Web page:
Some details annoy. The story takes place in a nicely-drawn Ruined Chicago, but too much of the geography is either unclear or wrong. It sounds like Erudite Headquarters is the Old Public Library, which makes lots of sense. But the description actually sounds more like the Gage Building, or maybe the Metropolitan Tower beneath its Mausoleum of Halicarnassus. Or is it the Santa Fe Building? The choice doesn’t matter (although details of each building could lend resonance to certain scenes if you let them), but the lack of specificity blurs what would otherwise be a very nice sense of place. Similarly, there are lots of trains, running endlessly along ancient tracks, never stopping. Dauntless use those trains to go places. The homeless live on them. But these don’t seem to be running on tracks we know; why, before the disaster, would Chicago have torn up all its transit and replaced it with new transit? One suspects instead that the author assumes there’s a train that goes wherever her characters need to be.
Still, Tris is an impressive young lady. She’s been through a lot. So has poor old, beat-up Chicago. It’s time to see what happens when we move out into the larger world. The name of volume three has not been announced, but surely it’s bound to be Emergent?
The four Macdonald sisters appeared at first to be completely unremarkable Victorians, daughters of a long-forgotten Methodist preacher. One married a successful ironmonger. One married an artist from a fairly good family, and another married an artist from no family at all. The fourth married an art teacher.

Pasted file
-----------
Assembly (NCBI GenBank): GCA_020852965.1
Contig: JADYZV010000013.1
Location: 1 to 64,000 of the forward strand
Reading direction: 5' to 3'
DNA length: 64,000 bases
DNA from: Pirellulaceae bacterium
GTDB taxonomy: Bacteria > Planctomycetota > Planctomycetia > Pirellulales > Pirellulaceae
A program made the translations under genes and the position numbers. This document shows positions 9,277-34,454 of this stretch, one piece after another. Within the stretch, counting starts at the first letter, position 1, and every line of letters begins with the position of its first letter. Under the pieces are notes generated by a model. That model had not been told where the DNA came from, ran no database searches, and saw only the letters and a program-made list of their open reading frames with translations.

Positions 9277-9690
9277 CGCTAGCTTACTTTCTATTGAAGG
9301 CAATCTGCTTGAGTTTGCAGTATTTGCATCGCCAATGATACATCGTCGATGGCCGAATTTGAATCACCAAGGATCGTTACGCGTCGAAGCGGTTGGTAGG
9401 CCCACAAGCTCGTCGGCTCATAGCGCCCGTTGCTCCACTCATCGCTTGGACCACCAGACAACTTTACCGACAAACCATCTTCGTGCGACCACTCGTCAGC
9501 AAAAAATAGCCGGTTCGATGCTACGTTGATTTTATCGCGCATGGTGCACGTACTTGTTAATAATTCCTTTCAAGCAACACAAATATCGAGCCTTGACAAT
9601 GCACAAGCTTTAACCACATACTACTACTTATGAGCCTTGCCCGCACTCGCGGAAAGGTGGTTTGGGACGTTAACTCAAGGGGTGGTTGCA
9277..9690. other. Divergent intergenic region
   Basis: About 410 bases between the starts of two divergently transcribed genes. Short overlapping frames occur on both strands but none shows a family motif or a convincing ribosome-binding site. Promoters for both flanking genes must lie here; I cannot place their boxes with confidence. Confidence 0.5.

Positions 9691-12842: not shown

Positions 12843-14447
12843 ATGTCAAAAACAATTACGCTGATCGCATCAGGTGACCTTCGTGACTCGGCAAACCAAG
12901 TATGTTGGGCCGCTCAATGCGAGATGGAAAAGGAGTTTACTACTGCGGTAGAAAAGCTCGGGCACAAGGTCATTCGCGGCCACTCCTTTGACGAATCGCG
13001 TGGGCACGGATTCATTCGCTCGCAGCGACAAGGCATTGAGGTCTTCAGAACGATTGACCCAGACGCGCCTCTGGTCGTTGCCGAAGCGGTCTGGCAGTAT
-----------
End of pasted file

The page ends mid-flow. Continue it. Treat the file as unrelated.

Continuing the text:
Or, in other words, one sister was the wife of Burne-Jones, another was married to the head of the Royal Academy and of the National Gallery. The third was Rudyard Kipling’s mother, and the fourth was the mother of Stanley Baldwin, thrice Prime Minister. But these were not the Peabody sisters, excelling their peers in reading and feeling, nor were they the Mitford girls, awash in a sea of wealth and beauty. They had scant money and none of their talents seem exceptional, and still things turned out as they did. Flanders explore the story of their interconnected lives, trying to discover the answer to the unknowable question: what made these seemingly unremarkable sisters the focus for so much success?
I like the idea of tapas. Not so much the “small plates” theme we have received in the US, which emphasizes lots of choice, but the (apparently) idiomatic style in Madrid, where you order a glass of wine and they bring you something like this.
Sure beats pretzels.
In Madrid, I spent some very pleasant hours at the Museo Thyssen-Bornemisza. It’s an impressive collection, amassed by the Baron and his wife. The collection includes at least three of his portraits, and at least two of his wife. The one by Lucian Freud is pretty good.
A lot of the museum’s collection isn’t in the museum. The paintings are elsewhere, and they’re replaced by nicely printed little signs boasting of the prestigious places to which they are on loan. In some rooms, seemingly half the paintings were on vacation.
The remaining collection is nothing if not cheerful. There’s a Holbein of Henry VIII, looking almost a cheerful as the baron. There’s a brilliant big Sargent duchess, and an even better little Sargent Onion Seller in which John Singer is playing with a dark palette to very fine effect. There’s a nice wall of El Lissitsky, who looks best in quantity, and a single lovely watercolor by Winslow Homer, whose work does look all the better on its own.